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#stress

  • Necessity is the Mother of Invention – A Positive note!

    The Coronavirus Disease (COVID-19) has both challenged and changed the world’s perception of individualism, materialism, greed, organization, and the many uses of technology.  This pandemic has driven people to avariciously hoard items that are needed by EVERYONE in the world, and to vainly attempt to make money from others dire privations.
    I am, however beginning to see a dim pulsating light at the end of the tunnel.  People are beginning to realize that there is a “Smarter” way of living and that humanity is at a point where it desperately needs a course modification geared toward togetherness and teamwork.  We are at a place on our road of existence where we should seriously consider which direction we plan to take.  Do we continue straight on, driving our planet into oblivion, or do we take the road less traveled, and save our world and society from recklessness?
    “The world has enough for everyone’s need, but not enough for everyone’s greed,” Gandhi.
    The last few years have demonstrated how anger, hostility, greed, and prejudice can drive a wedge between friends, families, communities, and even countries!  The last few weeks have shown us that these “wedges” and “differences” are useless when fighting this new invisible enemy (COVID-19).
    Materialism and greed have created a society driven by a need for the latest and greatest with the insatiable urge to have everything and anything.  Materialism, desire, and hoarding are now a big part of our society.  Human beings are social beasts, and this need to “socialize” and possess more has driven us to engage with our peers via new and exciting communication channels based on the developing technology available.  Businesses and educational institutions now utilize on-line options for courses in-lieu of in-house meetings and classroom activities.
    Ironically, there are always several silver linings to every cloud.  This cloud is a giant, evil black monstrosity called COVID-19, an invisible enemy, that not even a murderer or criminal can evade. In many ways, we’ve already adopted the concept of “social distancing” during the era of social media and technology. Yet this ability to distance ourselves socially may be our saving grace.  With no vaccines available, you are safest at home in front of your computer or smartphone in your hand.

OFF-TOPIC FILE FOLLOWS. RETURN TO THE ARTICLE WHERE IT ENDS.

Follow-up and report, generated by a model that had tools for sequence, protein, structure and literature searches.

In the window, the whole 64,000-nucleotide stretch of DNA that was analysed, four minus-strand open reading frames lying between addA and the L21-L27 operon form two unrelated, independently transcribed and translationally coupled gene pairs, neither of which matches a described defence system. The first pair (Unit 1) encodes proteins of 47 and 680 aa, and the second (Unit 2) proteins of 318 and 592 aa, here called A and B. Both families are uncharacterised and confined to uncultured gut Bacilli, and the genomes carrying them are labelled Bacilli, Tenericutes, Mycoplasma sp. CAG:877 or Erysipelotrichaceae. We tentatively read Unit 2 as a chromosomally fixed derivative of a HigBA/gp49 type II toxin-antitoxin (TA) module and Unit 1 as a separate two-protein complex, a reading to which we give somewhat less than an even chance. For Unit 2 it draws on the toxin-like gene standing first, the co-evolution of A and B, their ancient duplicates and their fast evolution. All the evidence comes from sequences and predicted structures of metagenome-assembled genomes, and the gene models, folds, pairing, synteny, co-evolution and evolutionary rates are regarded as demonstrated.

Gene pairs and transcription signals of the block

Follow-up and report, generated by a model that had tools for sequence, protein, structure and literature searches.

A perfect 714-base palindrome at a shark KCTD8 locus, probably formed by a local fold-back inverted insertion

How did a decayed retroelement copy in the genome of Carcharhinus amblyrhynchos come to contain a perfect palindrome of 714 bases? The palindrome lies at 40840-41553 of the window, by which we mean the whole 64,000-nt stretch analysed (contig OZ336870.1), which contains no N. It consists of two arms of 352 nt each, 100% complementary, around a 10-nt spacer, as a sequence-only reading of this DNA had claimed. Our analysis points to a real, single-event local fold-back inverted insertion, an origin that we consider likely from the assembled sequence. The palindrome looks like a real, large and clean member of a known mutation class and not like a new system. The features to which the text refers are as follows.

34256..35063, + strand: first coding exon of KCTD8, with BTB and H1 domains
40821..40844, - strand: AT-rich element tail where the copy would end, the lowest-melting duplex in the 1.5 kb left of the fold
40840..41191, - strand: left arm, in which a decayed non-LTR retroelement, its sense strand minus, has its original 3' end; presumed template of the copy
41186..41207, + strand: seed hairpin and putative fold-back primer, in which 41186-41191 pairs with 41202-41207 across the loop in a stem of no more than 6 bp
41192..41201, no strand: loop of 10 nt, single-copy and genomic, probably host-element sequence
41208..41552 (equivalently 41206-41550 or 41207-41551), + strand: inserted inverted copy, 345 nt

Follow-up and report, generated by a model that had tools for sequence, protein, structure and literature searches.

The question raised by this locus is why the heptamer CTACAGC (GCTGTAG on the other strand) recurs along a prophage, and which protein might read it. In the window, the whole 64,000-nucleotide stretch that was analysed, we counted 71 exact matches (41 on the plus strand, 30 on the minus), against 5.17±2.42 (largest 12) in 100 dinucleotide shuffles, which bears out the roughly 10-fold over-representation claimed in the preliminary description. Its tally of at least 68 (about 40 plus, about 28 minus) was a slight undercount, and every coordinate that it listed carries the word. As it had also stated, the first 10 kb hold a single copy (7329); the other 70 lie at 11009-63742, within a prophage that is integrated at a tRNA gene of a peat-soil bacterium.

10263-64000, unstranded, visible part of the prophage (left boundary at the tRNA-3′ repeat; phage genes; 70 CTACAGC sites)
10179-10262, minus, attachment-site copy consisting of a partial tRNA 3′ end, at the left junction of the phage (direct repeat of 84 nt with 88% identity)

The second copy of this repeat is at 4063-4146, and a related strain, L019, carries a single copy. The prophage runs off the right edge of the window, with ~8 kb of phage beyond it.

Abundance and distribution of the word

Unification of families is now a reality brought on by COVID-19!  Crime is down because of the mass hysteria that the streets are not safe.  Restaurants and grocery outlets have more efficient delivery and pick up services, which minimizes travel, and therefore accidents.  Doctors are once again making house calls to elderly patients who are too frail to take on this new invisible enemy.   Society is on a path to healing from an enemy that we cannot yet embrace.
    Yes, we can survive as individuals, even in quarantine, and still, be part of a caring community.  In this globalized world, our lives are so intertwined that we need to view ourselves, as individuals, as communities, as nations, and as a uniquely privileged species. It has taken a virus to show us that only through togetherness we at our most reliable, most alive, most human and that we understand what is most important.  We are all bound together as part of a miraculous web of life on planet Earth!
    A final thought though…Will society remember this most-important-lesson learnt after the virus is no longer the enemy, or will people, communities, and countries go back to business as usual?
    By Marold Studesville & Alyson Stasek
  • Work Etiquette versus Moral Integrity – A discussion!

    When your morals, and that displayed at your place of employment differ significantly you may find yourself in a dilemma that will make you look at things a little differently!

    I have always, gone with my gut when choosing my clients for the most part.  Even if I am desperately needing a new project, if one comes along that just doesn’t seem right I turn it down.